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It’s more than the end of the school year, it’s the end of an era

standard June 11, 2009 5 responses

Almost 8 years ago we set foot on the lush green campus for the first time. Two fresh faced lovers, recent transplants to the Bay Area, there to attend an Intro to Judaism class in preparation for their upcoming wedding.

We were charmed by the simple but beautiful buildings, the gorgeous grounds, and the overwhelming sense of community. Once we got there we never wanted to leave.

Over the course of the following year I converted there, we were married by the temple’s rabbi, we started teaching at their Sunday School, and I took a full time administrative job in their office.

We bought in, hook, line, and sinker.

Five years later, not only was I still working there full time, but we were still teaching every Sunday, and twice a week I was dropping C off at the brand new preschool.

I worked at that synagogue for a total of six years. We were active members for much of that time, but the honeymoon didn’t last nearly as long.

By the time I quit we weren’t attending any religious functions or teaching in the Sunday School. We missed teaching, but when you work 5 days a week and you have kids weekends become sacred family time. And the religious parts? Well, after a while I found it hard to have as my spiritual leaders the people who showed me their true colors behind closed doors. I’m not saying they were bad people. I’m just saying they were people, with human faults, and they slowly lost that mystique that religious leaders should have.

Most of the time when you leave a job you actually leave. You don’t come back time and time again. But when I quit that’s exactly what I ended up doing. I left my job, but we didn’t pull C from her preschool. So for a year I was back there three times a week. I ran into coworkers, I saw my desk, I answered questions. For a while I even spent the time C was in class sitting in an empty classroom doing my own work. I was still very much tied to the place.

Today school ended for the year. Next fall C will be going to another school.

As I pulled out of the driveway it struck me that I could well be leaving for the last time. I expected to feel some sense of relief. Instead I just felt sad.

I had such high hopes when we first pulled into that same driveway all those years ago. I thought that we might find a spiritual home and even possibly a community to call our own. Instead, years later, I’m leaving with barely a look back. Another failed relationship under my belt.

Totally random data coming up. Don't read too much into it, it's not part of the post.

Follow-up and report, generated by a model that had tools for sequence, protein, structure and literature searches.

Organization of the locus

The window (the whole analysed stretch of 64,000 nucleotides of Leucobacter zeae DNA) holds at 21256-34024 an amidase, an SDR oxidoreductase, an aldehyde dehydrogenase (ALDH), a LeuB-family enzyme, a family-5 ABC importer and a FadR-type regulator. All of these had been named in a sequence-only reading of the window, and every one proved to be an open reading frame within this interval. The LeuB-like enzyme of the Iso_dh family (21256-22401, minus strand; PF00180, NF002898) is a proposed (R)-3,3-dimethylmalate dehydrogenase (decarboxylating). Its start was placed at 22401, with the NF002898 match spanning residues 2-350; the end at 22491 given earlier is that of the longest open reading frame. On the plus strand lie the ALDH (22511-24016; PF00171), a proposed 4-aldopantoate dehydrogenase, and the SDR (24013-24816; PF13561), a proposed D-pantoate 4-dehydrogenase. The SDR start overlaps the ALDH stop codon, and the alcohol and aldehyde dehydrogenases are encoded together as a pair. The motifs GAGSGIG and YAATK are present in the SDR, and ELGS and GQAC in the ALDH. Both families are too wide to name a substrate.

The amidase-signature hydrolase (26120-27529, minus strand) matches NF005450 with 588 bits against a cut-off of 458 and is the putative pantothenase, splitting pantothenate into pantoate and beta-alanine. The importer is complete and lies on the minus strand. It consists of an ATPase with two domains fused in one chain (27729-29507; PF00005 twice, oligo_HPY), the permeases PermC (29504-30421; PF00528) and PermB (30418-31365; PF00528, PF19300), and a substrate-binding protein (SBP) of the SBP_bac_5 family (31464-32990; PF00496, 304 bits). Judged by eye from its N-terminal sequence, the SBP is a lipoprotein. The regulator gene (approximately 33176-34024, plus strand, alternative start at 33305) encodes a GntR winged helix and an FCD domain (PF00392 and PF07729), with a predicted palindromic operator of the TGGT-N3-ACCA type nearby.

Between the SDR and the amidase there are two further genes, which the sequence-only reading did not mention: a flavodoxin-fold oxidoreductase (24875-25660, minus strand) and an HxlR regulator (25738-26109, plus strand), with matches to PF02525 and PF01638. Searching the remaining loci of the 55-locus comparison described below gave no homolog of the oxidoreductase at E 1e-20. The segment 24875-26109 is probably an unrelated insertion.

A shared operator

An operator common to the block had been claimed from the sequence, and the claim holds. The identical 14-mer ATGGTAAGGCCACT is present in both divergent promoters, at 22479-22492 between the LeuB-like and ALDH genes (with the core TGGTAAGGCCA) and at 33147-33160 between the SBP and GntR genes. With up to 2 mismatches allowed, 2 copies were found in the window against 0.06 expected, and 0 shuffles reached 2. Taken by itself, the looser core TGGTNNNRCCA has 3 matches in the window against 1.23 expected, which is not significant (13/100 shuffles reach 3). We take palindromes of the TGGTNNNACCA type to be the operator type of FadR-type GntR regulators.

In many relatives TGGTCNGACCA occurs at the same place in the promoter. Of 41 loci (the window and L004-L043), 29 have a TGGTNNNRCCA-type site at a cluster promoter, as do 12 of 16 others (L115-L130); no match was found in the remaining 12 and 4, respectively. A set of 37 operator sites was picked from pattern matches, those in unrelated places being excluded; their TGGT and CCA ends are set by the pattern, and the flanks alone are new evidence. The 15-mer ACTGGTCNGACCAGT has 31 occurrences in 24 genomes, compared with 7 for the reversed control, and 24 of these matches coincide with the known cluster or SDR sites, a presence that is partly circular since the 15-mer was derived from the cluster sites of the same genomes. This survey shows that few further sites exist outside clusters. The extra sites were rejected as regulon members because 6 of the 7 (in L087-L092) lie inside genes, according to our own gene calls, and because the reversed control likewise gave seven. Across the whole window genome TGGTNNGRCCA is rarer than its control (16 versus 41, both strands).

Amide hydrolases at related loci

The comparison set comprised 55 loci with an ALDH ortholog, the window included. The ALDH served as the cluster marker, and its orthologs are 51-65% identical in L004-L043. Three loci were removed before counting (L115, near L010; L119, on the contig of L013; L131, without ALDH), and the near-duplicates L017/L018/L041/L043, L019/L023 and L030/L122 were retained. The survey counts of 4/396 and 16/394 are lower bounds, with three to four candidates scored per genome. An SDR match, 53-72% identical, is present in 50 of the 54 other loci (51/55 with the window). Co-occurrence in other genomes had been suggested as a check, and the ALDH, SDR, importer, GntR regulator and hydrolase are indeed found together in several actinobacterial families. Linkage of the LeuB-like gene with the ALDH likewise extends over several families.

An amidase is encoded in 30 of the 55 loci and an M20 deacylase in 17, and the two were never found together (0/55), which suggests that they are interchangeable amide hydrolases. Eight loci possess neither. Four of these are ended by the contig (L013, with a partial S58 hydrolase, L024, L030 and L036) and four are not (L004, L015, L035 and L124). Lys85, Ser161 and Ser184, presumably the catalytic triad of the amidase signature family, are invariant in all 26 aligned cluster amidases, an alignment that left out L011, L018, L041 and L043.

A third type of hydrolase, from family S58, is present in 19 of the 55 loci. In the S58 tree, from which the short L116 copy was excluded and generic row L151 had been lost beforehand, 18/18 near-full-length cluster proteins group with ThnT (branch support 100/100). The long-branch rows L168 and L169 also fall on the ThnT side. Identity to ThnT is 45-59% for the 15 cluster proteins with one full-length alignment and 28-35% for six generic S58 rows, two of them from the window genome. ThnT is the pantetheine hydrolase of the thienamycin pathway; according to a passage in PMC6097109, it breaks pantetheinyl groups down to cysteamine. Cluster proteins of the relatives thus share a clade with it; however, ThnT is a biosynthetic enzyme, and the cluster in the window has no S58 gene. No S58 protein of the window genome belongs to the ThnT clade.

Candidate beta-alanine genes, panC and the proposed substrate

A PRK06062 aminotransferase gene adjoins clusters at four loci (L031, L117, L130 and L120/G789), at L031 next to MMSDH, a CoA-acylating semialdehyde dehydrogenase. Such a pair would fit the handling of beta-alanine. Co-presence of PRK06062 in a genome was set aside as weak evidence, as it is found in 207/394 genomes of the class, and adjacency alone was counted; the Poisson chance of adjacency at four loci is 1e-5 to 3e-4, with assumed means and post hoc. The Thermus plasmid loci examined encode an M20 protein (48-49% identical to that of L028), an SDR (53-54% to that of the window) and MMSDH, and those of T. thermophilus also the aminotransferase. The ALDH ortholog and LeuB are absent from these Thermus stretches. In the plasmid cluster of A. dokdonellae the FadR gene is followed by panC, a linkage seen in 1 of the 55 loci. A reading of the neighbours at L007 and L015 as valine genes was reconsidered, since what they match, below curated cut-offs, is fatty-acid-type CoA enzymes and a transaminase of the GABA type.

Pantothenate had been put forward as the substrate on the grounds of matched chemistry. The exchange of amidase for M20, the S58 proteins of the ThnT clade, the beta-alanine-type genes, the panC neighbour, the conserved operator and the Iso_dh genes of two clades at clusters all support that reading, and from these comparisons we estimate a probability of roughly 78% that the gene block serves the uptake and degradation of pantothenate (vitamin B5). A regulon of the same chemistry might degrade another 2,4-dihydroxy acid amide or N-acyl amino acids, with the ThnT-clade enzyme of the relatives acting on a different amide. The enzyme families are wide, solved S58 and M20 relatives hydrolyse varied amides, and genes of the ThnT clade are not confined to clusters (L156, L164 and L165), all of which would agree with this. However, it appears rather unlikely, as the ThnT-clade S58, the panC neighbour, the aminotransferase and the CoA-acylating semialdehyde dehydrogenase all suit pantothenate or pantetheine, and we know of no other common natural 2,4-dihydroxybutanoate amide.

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5 responses

  • Oh, I ache for you!

    As a newish Christ Follower, I have had the same experience through serving. One summer, I worked in the main office, and I saw church leaders as people. I didn’t always agree with their choices and decisions, it’s like the more I knew the more I had to weigh. Nothing life altering, but still things to consider.

    At times I considered switching church homes, but family is family, and family is flawed at times.

    This post made me sad. If you see and love God through your faith–enough to go through the rigors to convert, then He is still there for you. He is with your family, but how to bring your family to Him?

  • No no no!!! Not a failed relationship! It’s a place where people gather and learn and teach and laugh and cry and … introduce you to new relationships! It’s a building. Yes, I cried when we left our home and all our friends, but every minute with them (good and bad) taught me something, including the ability to look forward to more new people and stuff.

    I believe God is where your heart is. Not where those walls were.

    You didn’t fail anything! Don’t be sad! Silly you. Do we have to go back to the point system?

  • I’ve attended many churches in my day (and have since left) and it’s so hard to see the true colors. My mom and dad are quite faithful, and encourage me to remember that those people aren’t the spiritual beings we worship. Still, I’ve had a hard time swallowing that. Good luck finding somewhere you feel more connected. I’ve been there…take good care.

    Oh, and YOU, my dear, are NOT a failure. Not at all.

  • Remember, the spiritual leaders are just people, people to help you but yes people. I am agnostic and for me the real purpose of being part of an organized religion would be for that sense of community you speak of. If you are not feeling it anymore, that’s ok but don’t turn away from it b/c the flaws of the people who connect you to it. On the other hand, I think even in the absence of church or synagogue, you can still connect with your higher power and share faith and morals with your children. Maybe your community will come from the block party or the web instead of the temple.

  • Look at all the friends you made and still have relationships with! You did not fail at all! I will agree that it is the end of an era!

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